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Trump impeachment: Analysis and news on the House charges and Senate acquittal of the president

The Senate trial on the two articles of impeachment against Trump, abuse of power and obstruction of Congress, ended with acquittal on both charges.
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Chelsea Stahl / NBC News

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The fast-moving impeachment of President Donald Trump, stemming from his dealings with Ukraine, moved to the Senate for trial in January after the House voted a month earlier to adopt two articles of impeachment: abuse of power and obstruction of Congress.

The Senate voted in early February to acquit the president on both charges.

Trump's impeachment followed weeks of testimony related to his efforts to press Ukraine for investigations into Democratic rivals and hours of fiery debate over the process.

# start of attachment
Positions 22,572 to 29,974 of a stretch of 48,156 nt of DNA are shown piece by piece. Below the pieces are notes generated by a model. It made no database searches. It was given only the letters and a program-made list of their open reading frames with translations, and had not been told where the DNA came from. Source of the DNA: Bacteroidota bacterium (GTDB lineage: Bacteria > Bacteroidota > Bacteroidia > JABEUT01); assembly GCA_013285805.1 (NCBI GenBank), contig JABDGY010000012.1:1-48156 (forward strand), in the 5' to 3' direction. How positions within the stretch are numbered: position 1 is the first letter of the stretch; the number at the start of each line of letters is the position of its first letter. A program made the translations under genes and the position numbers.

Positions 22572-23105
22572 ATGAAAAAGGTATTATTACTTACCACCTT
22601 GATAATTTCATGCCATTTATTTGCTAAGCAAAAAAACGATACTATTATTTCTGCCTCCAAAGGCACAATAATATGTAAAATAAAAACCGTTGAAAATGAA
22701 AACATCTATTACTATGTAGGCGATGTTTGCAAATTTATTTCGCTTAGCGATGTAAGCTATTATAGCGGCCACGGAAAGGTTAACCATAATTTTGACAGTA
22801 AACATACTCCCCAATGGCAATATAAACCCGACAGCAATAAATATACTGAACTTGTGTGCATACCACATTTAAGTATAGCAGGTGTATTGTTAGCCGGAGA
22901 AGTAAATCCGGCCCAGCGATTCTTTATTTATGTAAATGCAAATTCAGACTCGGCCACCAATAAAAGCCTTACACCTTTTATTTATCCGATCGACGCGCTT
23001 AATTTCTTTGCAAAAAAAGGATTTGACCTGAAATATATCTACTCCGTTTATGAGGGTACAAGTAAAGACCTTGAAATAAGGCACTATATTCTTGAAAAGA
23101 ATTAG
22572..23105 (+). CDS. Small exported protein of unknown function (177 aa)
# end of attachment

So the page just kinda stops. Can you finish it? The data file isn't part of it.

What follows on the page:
Trump is only the third president in U.S. history to be impeached. Read all of the breaking news and analysis on impeachment from NBC News' political reporters, as well as our teams on Capitol Hill and at the White House.

Trump impeachment highlights

Download the NBC News mobile app for the latest news on the impeachment inquiry

Live Blog

Judge puts brief hold on McGahn testimony order

The federal judge who ruled that former White House counsel Don McGahn must comply with a House subpoena for his testimony put her ruling on a brief hold Wednesday.

Such holds, known as administrative stays, are often issued to give lawyers a change to file their appeals. U.S. District Judge Kentanji Brown Jackson said her order "should not be construed in any way as a ruling on the merits" of keeping her ruling on a longer hold. Instead, she said, the order would give her time to consider the government's request for a longer stay.